for William Logan

Meant only to evict, the chemical
kills dozens in the process. In between
furious calls to pest control, I screen
the porch: beneath the corner pedestal,
their former home and new memorial,
the bees start piling up—a hill of bean-
sized corpses mounting to, then past, obscene . . .
Out of the country, on sabbatical,

my host requests an update every day,
worried about his non-invasive guest
equally, it would seem. My rent-free stay
comes to an end in three months, which invests
it with the sweetness of a honey jar’s
last drops. And yet, like the remaining bees,
which carry on as if their calendars
went on forever, sowing tapestries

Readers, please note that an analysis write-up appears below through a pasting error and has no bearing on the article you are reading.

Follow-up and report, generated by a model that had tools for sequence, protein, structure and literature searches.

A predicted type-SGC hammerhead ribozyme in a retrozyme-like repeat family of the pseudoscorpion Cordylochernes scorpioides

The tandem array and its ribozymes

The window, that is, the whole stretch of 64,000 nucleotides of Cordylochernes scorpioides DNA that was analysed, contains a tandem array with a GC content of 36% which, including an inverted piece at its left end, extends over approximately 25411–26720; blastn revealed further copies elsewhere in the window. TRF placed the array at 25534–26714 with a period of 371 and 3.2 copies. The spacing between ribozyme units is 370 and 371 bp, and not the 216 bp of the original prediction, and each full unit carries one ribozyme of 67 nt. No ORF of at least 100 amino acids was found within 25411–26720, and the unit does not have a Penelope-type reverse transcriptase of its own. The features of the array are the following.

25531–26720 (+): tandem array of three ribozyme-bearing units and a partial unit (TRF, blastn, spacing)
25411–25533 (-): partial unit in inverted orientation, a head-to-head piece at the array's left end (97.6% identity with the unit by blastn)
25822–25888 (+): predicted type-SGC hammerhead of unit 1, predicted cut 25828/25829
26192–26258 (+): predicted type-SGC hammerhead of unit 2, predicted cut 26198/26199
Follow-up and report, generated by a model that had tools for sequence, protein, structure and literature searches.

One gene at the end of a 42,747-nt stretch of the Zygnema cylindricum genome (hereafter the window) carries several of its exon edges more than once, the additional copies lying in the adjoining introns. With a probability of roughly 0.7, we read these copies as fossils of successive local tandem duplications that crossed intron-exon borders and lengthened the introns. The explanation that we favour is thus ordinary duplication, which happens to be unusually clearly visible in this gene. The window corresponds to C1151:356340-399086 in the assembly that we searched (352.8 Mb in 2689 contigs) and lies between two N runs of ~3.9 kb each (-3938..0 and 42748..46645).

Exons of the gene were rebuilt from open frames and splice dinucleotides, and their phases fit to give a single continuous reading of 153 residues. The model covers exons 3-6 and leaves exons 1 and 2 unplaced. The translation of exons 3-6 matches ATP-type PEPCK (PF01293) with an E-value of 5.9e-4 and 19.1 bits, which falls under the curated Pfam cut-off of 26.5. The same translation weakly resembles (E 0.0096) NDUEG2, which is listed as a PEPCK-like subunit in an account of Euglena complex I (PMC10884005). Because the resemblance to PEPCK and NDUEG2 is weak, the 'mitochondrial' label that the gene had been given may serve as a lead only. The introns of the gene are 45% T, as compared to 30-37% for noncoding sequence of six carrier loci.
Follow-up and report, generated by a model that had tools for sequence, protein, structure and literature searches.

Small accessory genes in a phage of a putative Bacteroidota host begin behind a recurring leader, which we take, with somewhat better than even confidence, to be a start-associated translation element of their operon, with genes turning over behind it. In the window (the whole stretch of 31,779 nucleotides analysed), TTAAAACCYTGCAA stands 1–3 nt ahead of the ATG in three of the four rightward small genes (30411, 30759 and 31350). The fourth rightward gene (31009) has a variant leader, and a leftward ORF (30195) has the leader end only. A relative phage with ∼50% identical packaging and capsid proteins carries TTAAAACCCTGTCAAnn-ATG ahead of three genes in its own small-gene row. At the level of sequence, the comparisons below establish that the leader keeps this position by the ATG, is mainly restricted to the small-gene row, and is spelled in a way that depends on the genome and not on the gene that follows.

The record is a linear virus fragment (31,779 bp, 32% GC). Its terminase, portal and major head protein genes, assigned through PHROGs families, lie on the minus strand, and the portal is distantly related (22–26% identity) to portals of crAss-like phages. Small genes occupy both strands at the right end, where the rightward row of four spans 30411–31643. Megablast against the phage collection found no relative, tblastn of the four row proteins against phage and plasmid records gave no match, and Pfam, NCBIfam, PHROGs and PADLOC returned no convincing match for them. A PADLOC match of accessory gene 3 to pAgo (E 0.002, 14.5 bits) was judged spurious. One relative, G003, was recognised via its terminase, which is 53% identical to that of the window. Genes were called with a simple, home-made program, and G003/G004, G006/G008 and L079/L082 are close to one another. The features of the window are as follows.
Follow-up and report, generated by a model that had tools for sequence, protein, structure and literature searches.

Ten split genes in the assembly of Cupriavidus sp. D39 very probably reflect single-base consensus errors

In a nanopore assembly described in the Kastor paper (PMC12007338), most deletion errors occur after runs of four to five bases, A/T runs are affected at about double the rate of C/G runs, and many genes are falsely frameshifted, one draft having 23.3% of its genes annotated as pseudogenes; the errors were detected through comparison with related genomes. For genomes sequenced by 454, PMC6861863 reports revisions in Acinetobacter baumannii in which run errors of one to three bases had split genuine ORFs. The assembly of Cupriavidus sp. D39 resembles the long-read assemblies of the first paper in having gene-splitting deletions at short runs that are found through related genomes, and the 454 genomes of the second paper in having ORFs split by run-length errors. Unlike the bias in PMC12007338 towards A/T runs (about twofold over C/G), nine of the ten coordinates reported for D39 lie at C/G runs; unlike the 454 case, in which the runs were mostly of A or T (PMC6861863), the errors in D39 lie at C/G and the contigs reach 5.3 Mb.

of flowers as they pollinate the garden;
or like my mother in her final weeks,
a captive of her body, not its warden,
fed like a child while wasting through physiques
unfit for someone twice her age—I stick
to a routine. Habits are hard to kick,

but finding substitutes is harder yet . . .
Listening to old voicemails on the porch
tonight, soothed by her voice, though counterfeit,
I mistake a rising hum for static; lurch
forward then. Undulating like a net,
the whole hive sweeps across the yard, in search.

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This article originally appeared in The New Criterion, Volume 40 Number 5, on page 55
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